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This interactive workshop will equip current Clinical Nurse Educators, facilitators,preceptors
and nurses interested in clinical education with theskills and knowledge required to facilitate effective learning in nursing students. Utilising principles of
adult and self-directed learning, participants will learn strategies to motivate students, encourage
independent learning, provide targeted feedback and assess students consistent with the ANMC
Morning tea and lunch included.
Deakin sessional staff member or current clinical facilitators/preceptors: Free of Charge
Employed within a Deakin Partnership Health Care Service: $80.00
All other registrations: $120.00
Deakin University researchers, as well as members of the local Geelong community, have played a key role in developing a novel approach for detecting coeliac disease.
More than 2500 men and women enrolled in the Geelong Osteoporosis Study provided blood samples for traditional antibody testing and identification of specific genetic risk markers.
‘The randomly-selected participants in the Geelong Osteoporosis Study are ideal for this project because they represent the broader population and were not selected on the basis of disease’, said lead investigator and epidemiologist, Professor Julie Pasco from Deakin University’s School of Medicine.
Coeliac disease is a digestive condition caused by eating gluten in foods made from wheat, barley, rye and oats and can be found in people of any age.
The Geelong-based research team involved endocrinologist Associate Professor Mark Kotowicz and gastroenterologist Dr Ross Knight. Other key players included Dr Jason Tye-Din from the Immunology division of the Walter and Eliza Hall Institute, Dr Bob Anderson, chief scientific officer at US biotechnology company ImmusanT and researchers from The University of Queensland Diamantina Institute.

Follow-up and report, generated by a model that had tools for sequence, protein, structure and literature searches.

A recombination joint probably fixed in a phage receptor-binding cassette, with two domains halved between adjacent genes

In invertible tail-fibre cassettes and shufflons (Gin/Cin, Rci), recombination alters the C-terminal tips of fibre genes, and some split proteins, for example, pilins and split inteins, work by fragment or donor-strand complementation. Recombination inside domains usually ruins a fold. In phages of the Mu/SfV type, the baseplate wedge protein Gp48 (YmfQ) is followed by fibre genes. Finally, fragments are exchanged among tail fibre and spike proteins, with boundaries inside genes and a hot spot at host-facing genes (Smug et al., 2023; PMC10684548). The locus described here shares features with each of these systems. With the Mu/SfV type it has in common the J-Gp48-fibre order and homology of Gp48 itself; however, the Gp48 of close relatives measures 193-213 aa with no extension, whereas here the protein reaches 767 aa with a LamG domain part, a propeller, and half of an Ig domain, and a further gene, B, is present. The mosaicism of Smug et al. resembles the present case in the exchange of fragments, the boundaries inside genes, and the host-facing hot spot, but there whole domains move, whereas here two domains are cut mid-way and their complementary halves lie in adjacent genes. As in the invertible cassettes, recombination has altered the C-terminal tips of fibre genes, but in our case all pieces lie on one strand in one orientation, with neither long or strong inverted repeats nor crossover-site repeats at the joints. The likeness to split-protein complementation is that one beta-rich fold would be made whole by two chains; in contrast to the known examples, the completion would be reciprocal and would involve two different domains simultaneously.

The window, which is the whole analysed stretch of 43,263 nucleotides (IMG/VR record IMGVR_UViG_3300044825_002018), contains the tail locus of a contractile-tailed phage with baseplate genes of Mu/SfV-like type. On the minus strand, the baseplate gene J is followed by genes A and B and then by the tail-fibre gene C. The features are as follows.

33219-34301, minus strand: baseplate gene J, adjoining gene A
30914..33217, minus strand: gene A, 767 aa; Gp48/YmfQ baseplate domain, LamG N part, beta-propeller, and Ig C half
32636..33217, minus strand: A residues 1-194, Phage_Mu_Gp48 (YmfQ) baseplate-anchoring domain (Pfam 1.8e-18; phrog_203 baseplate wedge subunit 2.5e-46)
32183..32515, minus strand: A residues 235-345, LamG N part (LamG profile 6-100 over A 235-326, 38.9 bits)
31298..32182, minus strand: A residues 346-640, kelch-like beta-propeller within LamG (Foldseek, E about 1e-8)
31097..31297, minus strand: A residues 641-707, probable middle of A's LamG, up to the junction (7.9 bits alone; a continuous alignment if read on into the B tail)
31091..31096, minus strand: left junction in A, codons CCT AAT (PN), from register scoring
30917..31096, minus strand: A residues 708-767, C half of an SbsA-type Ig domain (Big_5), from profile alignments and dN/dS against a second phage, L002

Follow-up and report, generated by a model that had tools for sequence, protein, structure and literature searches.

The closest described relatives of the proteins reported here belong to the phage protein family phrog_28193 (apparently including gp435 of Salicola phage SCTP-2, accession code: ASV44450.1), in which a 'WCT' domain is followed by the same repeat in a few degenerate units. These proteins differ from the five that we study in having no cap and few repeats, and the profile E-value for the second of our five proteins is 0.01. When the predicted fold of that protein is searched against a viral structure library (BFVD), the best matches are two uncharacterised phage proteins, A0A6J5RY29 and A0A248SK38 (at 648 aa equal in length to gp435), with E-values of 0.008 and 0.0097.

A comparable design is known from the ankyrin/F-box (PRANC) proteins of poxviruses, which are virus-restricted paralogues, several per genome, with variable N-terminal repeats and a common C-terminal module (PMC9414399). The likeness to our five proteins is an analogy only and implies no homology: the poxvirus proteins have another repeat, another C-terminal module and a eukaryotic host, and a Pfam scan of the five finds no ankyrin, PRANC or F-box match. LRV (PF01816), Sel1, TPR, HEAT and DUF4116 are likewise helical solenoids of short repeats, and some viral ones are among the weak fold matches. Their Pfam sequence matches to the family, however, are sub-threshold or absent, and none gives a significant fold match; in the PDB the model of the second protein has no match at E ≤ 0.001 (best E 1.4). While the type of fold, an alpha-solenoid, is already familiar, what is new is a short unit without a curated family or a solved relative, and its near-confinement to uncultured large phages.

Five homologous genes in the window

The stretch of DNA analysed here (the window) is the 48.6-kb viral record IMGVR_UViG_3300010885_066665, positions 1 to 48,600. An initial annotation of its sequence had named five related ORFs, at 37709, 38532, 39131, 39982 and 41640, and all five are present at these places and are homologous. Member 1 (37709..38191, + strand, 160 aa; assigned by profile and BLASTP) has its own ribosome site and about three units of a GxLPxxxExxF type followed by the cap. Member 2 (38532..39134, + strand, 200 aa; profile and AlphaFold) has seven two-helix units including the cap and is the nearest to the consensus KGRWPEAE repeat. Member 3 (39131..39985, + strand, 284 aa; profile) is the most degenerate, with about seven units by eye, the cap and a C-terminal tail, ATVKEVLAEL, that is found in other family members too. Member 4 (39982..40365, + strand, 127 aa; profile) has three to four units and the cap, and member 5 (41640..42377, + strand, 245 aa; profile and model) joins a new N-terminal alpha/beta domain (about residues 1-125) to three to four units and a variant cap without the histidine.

Dr Tye-Din said the new approach of combining the genetic test with a panel of antibody tests would increase the accuracy of testing, decrease overall medical costs by reducing invasive diagnostic tests, and avoid medically unnecessary use of a gluten-free diet.
‘Currently, bowel biopsies are recommended for anybody with positive antibody tests’, he said.
‘In this study the inclusion of a genetic test helped identify a substantial number of people whose antibody tests were falsely positive and who did not actually require a bowel biopsy to test for the possibility of coeliac disease.’
The new testing strategy reveals that coeliac disease is more common in Australia than previously thought, affecting at least one in 60 women and one in 80 men.
The research was funded by INOVA Diagnostics Inc, Nexpep Pty. Ltd, the NHMRC, the Victorian Health Promotion Foundation, the Geelong Region Medical Research Foundation, and the Victorian government.
Do you have depression and are looking for something more
than your usual treatment?
This exciting new study will look at the benefits of adding a new treatment for depression to your usual treatment.
For more information, click on the link below or contact:
Dr Olivia Dean
Telephone (03) 4215 3300